These 5 Organizations Want to Boost Literacy in Afghanistan

Development organizations all over the world point to literacy as one of the leading factors in helping individuals and societies build a better future. Improved literacy rates in emerging economies are linked to a broad range of other positive outcomes, including improved health, better earnings or economic progress, and increased political and civil society participation. Indeed, literacy is so important in the modern world that UNESCO has declared it to be a fundamental human right.

Unfortunately, it’s not always easy for nations to prioritize literacy in the face of significant obstacles. In Afghanistan, for example, decades of civil conflict have left the country with one of the world’s lowest literacy rates. According to current estimates, fewer than one in three adult Afghans (over the age of 15) can read and write.

In response to this, many organizations and individuals have launched initiatives, both large and small, aimed at boosting literacy rates in Afghanistan. Read on to learn about five of these projects.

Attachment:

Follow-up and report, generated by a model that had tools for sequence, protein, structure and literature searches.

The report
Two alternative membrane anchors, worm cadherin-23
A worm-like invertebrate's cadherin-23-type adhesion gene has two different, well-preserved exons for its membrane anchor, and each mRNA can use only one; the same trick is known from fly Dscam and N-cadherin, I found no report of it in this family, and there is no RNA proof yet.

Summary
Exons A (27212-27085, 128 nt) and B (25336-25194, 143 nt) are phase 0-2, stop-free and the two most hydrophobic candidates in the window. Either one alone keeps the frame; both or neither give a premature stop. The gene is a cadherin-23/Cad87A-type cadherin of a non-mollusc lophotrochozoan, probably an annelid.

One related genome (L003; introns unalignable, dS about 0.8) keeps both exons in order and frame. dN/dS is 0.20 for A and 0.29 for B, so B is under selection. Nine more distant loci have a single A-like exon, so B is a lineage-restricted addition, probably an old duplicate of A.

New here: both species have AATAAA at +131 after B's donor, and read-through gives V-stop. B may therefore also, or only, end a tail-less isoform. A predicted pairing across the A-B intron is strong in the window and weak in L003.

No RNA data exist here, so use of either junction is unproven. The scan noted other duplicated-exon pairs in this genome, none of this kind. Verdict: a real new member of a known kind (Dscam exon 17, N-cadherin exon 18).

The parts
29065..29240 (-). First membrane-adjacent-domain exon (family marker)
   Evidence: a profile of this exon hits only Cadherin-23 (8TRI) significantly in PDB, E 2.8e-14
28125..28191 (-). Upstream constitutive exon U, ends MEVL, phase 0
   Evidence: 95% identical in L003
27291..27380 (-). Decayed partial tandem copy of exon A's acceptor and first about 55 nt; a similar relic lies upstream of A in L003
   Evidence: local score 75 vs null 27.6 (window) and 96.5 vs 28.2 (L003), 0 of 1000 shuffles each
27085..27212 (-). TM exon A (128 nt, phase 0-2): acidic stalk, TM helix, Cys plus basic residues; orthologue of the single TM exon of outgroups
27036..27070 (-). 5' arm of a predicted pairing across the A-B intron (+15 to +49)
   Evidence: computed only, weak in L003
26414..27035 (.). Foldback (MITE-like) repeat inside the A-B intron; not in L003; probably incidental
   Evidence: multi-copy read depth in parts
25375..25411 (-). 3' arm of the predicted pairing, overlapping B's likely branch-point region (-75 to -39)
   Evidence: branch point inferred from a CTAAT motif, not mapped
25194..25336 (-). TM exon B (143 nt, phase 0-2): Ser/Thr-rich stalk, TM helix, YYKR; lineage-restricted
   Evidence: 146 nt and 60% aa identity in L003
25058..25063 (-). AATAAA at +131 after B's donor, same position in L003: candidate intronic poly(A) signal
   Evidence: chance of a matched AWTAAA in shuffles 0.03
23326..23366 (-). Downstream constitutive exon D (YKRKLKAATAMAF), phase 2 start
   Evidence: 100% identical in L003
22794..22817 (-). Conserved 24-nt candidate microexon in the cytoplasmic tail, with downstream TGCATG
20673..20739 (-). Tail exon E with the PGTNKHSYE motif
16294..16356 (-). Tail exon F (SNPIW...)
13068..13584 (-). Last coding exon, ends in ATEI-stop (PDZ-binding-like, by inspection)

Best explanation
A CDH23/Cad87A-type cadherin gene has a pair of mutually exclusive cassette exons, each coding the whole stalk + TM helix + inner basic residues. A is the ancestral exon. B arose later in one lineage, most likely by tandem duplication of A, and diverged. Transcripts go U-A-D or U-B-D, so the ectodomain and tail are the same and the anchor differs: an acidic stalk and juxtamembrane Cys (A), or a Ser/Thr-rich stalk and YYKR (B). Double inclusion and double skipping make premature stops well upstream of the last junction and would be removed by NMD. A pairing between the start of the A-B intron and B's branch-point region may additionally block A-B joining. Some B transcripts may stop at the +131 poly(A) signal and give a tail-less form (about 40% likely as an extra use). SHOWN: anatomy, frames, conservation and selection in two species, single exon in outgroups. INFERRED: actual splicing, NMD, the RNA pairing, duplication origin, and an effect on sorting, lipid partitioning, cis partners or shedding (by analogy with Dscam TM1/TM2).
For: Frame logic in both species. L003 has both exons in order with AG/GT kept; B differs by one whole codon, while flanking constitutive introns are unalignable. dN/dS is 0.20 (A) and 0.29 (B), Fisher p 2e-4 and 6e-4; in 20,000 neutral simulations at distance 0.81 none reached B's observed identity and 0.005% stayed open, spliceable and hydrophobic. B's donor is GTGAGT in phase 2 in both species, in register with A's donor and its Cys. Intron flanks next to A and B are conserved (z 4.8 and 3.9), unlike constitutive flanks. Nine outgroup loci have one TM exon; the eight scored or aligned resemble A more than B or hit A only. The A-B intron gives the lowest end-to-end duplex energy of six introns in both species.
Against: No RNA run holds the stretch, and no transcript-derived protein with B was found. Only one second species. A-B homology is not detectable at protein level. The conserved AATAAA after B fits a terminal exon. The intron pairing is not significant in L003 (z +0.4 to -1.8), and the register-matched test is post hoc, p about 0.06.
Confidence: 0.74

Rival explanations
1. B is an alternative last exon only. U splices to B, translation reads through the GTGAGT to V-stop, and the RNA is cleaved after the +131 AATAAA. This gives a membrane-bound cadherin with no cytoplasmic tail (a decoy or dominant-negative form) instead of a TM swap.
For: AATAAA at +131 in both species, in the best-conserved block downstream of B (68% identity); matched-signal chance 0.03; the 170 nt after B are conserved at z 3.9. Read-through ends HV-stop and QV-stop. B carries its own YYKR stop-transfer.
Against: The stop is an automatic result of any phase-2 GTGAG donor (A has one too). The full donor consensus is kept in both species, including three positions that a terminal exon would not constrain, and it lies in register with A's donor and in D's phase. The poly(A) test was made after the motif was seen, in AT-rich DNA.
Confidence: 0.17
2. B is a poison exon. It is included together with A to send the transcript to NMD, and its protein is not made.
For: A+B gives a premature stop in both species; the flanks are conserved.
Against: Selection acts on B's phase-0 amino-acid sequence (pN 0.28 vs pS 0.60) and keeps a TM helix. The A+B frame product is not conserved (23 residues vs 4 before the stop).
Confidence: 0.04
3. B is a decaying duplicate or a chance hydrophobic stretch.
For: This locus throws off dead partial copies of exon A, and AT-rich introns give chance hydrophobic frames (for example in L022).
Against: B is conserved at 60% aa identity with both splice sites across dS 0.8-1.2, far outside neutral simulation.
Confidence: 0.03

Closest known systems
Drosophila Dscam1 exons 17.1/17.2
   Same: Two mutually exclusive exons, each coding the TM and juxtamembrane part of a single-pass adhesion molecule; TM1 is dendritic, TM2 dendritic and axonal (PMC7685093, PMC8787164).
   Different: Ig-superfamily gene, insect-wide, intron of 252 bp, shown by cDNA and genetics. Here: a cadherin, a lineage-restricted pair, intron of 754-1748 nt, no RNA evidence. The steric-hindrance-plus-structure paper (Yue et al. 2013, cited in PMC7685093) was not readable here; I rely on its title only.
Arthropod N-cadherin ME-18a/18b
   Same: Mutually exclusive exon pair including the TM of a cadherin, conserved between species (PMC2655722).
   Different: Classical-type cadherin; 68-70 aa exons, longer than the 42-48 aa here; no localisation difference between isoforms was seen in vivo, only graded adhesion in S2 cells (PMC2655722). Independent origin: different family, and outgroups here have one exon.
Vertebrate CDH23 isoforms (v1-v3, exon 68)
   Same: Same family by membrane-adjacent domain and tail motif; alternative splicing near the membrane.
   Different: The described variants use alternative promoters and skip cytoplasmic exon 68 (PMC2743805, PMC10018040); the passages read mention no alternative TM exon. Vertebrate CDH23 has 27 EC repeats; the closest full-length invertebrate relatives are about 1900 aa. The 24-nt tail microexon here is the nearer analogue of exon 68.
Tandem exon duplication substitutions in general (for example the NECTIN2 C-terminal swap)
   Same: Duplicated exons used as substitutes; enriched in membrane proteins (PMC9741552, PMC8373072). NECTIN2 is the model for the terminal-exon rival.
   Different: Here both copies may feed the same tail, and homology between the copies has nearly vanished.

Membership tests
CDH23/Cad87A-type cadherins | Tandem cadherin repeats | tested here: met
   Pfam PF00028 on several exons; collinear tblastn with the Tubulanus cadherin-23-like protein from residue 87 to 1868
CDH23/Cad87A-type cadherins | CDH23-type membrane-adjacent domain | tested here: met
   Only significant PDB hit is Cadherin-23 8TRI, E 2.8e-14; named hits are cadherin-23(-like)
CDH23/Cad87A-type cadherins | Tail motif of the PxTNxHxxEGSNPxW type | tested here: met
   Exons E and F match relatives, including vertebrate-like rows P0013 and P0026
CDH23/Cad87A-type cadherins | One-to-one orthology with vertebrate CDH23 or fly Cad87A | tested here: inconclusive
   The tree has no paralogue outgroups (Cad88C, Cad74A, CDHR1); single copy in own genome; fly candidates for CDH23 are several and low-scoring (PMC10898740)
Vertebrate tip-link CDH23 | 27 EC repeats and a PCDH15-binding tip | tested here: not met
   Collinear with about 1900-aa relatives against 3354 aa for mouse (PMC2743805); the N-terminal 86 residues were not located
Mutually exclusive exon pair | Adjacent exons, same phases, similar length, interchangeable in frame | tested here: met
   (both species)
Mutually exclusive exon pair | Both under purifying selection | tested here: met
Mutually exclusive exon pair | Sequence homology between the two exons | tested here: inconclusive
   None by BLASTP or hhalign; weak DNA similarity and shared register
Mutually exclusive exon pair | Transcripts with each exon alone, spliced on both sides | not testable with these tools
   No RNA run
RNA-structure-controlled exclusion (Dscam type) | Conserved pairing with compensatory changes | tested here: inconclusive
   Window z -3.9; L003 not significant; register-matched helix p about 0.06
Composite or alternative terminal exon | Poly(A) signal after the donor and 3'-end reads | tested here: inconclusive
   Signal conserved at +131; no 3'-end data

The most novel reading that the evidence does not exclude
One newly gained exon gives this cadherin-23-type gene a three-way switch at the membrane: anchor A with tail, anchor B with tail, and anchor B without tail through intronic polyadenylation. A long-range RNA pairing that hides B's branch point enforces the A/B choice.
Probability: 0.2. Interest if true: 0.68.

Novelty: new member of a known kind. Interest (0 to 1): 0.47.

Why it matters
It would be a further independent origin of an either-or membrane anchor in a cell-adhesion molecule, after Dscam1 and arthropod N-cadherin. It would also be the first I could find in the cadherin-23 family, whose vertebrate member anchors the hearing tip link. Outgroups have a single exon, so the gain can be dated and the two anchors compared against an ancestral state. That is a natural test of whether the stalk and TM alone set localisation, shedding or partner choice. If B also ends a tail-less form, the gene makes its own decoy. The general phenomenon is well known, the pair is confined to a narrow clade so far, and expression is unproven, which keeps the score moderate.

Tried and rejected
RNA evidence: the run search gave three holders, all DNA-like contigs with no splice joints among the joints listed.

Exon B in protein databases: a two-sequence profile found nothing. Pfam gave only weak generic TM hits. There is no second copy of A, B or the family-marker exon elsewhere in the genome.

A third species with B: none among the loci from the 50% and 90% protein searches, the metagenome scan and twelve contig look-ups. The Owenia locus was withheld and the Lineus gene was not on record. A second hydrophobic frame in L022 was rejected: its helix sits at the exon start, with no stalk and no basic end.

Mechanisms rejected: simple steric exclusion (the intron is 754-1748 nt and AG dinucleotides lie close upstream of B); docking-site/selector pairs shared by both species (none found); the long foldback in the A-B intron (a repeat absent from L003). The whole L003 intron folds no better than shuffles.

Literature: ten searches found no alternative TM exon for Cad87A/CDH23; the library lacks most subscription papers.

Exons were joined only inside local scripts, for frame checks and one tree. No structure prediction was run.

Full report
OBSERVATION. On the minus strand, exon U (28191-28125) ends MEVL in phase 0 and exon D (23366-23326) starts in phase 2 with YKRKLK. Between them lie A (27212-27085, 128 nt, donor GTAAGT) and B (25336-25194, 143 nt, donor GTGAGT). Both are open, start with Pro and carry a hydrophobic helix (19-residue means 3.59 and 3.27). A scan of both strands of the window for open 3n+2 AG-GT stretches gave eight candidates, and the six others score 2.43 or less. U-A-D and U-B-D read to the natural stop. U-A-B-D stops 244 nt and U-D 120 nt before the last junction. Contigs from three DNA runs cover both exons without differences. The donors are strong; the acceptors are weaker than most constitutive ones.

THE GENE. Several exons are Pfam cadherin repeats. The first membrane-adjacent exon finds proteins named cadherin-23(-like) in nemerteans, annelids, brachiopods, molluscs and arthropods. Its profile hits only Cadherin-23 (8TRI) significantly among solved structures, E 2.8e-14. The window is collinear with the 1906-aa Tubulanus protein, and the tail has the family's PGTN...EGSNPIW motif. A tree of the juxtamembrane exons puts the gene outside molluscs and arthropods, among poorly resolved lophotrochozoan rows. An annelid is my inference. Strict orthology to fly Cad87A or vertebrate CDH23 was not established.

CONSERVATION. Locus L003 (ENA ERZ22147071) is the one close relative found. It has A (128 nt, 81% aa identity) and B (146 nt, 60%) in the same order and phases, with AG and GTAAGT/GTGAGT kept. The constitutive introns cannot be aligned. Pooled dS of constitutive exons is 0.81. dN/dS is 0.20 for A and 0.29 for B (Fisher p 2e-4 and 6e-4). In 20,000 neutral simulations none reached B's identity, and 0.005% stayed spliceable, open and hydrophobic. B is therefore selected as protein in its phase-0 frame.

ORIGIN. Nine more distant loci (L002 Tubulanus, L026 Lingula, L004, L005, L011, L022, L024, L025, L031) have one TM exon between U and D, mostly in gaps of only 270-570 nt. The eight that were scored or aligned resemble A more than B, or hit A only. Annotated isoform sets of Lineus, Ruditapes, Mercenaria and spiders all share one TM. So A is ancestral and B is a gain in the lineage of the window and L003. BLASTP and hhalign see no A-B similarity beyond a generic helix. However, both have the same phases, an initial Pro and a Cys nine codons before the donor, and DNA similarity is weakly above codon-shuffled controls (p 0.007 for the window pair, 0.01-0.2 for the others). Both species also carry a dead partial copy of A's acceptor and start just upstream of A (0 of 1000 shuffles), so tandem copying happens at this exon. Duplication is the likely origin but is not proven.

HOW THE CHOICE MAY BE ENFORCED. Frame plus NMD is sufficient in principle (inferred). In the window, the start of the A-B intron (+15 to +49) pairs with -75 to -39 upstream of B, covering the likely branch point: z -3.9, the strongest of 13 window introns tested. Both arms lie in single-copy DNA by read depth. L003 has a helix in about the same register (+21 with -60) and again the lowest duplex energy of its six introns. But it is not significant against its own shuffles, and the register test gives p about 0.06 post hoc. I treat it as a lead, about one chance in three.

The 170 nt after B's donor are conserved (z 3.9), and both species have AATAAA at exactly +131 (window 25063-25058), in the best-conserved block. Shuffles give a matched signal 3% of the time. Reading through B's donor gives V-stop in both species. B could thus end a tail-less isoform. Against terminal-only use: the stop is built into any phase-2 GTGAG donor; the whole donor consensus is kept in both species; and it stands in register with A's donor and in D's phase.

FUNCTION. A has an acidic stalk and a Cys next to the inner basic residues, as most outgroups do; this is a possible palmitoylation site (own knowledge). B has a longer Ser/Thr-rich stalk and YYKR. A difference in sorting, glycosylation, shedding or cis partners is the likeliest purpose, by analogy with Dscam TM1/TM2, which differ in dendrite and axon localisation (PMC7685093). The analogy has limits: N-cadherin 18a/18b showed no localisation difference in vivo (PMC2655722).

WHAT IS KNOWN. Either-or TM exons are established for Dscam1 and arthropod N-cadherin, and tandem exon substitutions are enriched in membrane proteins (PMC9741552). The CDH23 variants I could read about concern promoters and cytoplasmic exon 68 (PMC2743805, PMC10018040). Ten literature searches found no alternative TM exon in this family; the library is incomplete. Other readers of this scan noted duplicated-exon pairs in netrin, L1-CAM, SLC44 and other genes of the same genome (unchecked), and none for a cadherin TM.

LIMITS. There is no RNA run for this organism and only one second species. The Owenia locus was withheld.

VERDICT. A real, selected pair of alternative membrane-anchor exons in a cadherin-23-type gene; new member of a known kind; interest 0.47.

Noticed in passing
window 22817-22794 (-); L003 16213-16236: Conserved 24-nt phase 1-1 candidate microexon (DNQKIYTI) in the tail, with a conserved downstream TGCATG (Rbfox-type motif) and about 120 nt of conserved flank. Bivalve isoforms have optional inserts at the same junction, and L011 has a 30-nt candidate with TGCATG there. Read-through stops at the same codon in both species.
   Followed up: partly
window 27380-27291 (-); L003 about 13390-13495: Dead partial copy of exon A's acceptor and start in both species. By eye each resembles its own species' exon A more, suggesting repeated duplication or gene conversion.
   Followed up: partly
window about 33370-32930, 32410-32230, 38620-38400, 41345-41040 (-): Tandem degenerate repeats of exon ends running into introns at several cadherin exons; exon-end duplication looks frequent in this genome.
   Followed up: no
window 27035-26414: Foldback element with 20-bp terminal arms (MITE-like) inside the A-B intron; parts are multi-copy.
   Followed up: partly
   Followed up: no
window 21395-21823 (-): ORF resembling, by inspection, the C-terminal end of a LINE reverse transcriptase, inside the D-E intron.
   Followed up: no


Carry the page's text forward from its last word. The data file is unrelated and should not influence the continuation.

1. UNESCO – Enhancement of Literacy Afghanistan

UNESCO logoUNESCO is by far the largest organization focused on literacy in Afghanistan. Through its flagship literacy program, known as Enhancement of Literacy Afghanistan (ELA), UNESCO has partnered with Afghanistan’s Ministry of Education to implement large-scale literacy, numeracy, and vocational skills development programs across all 34 Afghan provinces. ELA was first launched in 2008, and it has received financial support from a number of international sources including the Government of Japan, the Swedish International Cooperation Agency, and the Government of Finland.

To date, ELA has been implemented in three different phases. The first, which took place between 2008 and 2010, was a pilot program that was initiated in Bamiayan province’s capital city and then expanded to nine additional provinces. The second phase (2011-2013) included nine more provinces and added targeted market-demanded vocational skills training. The third phase (2014-2016) expanded the program’s offerings to reach a total of 600,000 individuals across Afghanistan.

  1. UNESCO – Literacy for Empowerment of Afghan Police (LEAP)